Jill Holman: A Passion for Helping Others
After her son was diagnosed with Asperger's syndrome, Jill Holman started a support group for parents.
When Jill Holman’s son Adam was diagnosed with Asperger’s syndrome 11 years ago, Holman started attending an autism support group in Naperville, but found it just wasn’t the right place for her.
Wanting more answers and motivated to get them, she started an Asperger’s support group out of her home.
“I didn’t know anything about it and I didn’t understand it,” she said. “I wanted to have a better understanding.”
A group of three people started meeting in her kitchen, she said. Over time, the group, which she started as a way for parents to gather and support one another, kept growing. The meetings were eventually moved to Knox Presbyterian Church where the group holds regular meetings.
She started the group because she wanted to learn more about Asperger’s syndrome and thought other parents might have the same needs, she said.
Asperger’s syndrome is an autism spectrum disorder and those with the developmental disorder have characteristics that include limited interests and a preoccupation with a subject to the exclusion of other activities, according to the National Institute of Neurological Disorders and Stroke.
Holman’s son, now 23, graduated from Hope College and has a job working as a geologist. But, when he was first diagnosed with the syndrome, she said there were very few people who knew about it and not much information available.
Her son is high functioning, very smart and capable, but she said, “Everything is very black and white. You have to be very literal and straight forward.”
As an example, Holman related a story about when her son was younger, she called him dear and he said, “I am not a deer, I don’t have antlers.”
Those with Asperger’s syndrome don’t easily interact socially with others and usually have very few, if any friends, she said. As her group for parents increased in size, adults with Asperger’s syndrome started to attend the meetings, eventually she launched an offshoot group for adults with the disorder.
“It’s been amazing,” Holman said. “I’ve watched parents make huge connections. People have been able to share. When they leave they say ‘I’ve never been able to be in a room with so many people who understand how I feel.’”
The adults with Asperger’s syndrome have also made connections and several of the members now have friends they can spend time with, she said.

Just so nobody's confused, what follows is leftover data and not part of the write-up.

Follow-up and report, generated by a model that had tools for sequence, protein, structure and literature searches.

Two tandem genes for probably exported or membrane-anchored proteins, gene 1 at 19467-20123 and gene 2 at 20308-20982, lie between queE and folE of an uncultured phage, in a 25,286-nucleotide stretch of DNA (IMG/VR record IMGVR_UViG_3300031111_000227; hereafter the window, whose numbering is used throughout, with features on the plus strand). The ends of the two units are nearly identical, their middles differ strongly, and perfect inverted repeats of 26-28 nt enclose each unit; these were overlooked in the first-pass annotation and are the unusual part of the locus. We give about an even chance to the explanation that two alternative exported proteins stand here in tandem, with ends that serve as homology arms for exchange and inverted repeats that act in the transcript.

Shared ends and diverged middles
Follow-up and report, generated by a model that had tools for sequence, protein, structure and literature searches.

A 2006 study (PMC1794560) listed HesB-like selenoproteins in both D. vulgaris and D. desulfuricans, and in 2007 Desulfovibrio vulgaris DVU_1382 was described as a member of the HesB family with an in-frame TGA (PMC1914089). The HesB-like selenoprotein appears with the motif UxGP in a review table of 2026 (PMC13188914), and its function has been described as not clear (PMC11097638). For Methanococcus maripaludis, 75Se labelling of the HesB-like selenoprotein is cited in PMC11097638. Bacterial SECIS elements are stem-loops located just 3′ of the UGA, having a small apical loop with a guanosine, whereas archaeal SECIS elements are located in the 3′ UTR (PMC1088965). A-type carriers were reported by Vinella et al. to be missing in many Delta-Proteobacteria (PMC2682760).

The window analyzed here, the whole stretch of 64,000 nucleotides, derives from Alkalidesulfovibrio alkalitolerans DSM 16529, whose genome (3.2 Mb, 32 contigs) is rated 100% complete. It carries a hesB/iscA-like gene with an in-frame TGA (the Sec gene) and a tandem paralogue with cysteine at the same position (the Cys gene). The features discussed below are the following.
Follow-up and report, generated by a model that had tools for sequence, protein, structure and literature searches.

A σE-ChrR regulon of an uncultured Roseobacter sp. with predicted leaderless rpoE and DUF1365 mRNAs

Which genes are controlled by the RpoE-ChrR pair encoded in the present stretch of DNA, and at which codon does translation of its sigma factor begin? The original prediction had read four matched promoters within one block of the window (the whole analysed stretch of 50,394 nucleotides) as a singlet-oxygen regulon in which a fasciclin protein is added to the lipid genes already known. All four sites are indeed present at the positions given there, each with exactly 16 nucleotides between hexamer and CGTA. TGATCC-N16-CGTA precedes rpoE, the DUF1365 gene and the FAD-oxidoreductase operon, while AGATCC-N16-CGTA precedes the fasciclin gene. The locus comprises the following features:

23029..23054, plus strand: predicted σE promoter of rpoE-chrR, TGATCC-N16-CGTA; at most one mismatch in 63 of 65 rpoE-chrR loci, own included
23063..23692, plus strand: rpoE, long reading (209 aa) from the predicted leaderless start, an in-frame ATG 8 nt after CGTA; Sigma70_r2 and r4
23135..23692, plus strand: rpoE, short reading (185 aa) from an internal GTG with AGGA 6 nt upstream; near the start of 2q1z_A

For the parents of children with Asperger’s syndrome, meeting with adults with the disorder is helpful because they are able to learn more and gain knowledge about what life may be like for their children in the future, Holman said.
Unlike 11 years ago, today most people have heard of Asperger’s syndrome, she said. There are even characters on TV, such as Max Braverman on NBC’s Parenthood, who are examples of those living with the disorder.
Holman started writing a book a few years ago with the premise that everyone knows someone with Asperger’s, she said. The book is still a work in progress.
“My goal has always been to educate people about Asperger’s so they aren’t so judgmental about it,” she said. “I believe that once people are more educated about it, they will be more understanding.”
Holman has made volunteering at Families Helping Families and running the Naperville Parents of Children with Asperger’s group her full-time job. Her sons, Adam, 23 and Drew, 21, are now grown, and her work keeps her busy. She gets calls regularly from those seeking more information on the group or Asperger’s syndrome, she said.
People attend the group meetings from all over the Chicago area, she said.
“People find me,” she said. “I don’t need to advertise, if people need me, they find me.”
She is in the process of creating a website for the group, so that information can be put in one easily accessed place. Often parents learn about Holman and the group through schools or social service workers.
“When I started 11 years ago I never thought it would last,” she said. “The need is so huge and there are so few support groups, especially for adults [with Asperger’s syndrome]. They just want to be with others who understand them.”
Being able to meet for the parents and adults with the disorder is healing and helpful, Holman said.
“I like helping others and doing things that can make a difference,” she said. “… I feel everybody has their purpose in life and Asperger’s is my passion.”
The Naperville Parents of Children with Asperger’s group meets the first Thursday of every other month at Knox Presbyterian Church and the Naperville Adult with Asperger’s group meets the first Thursday of every month.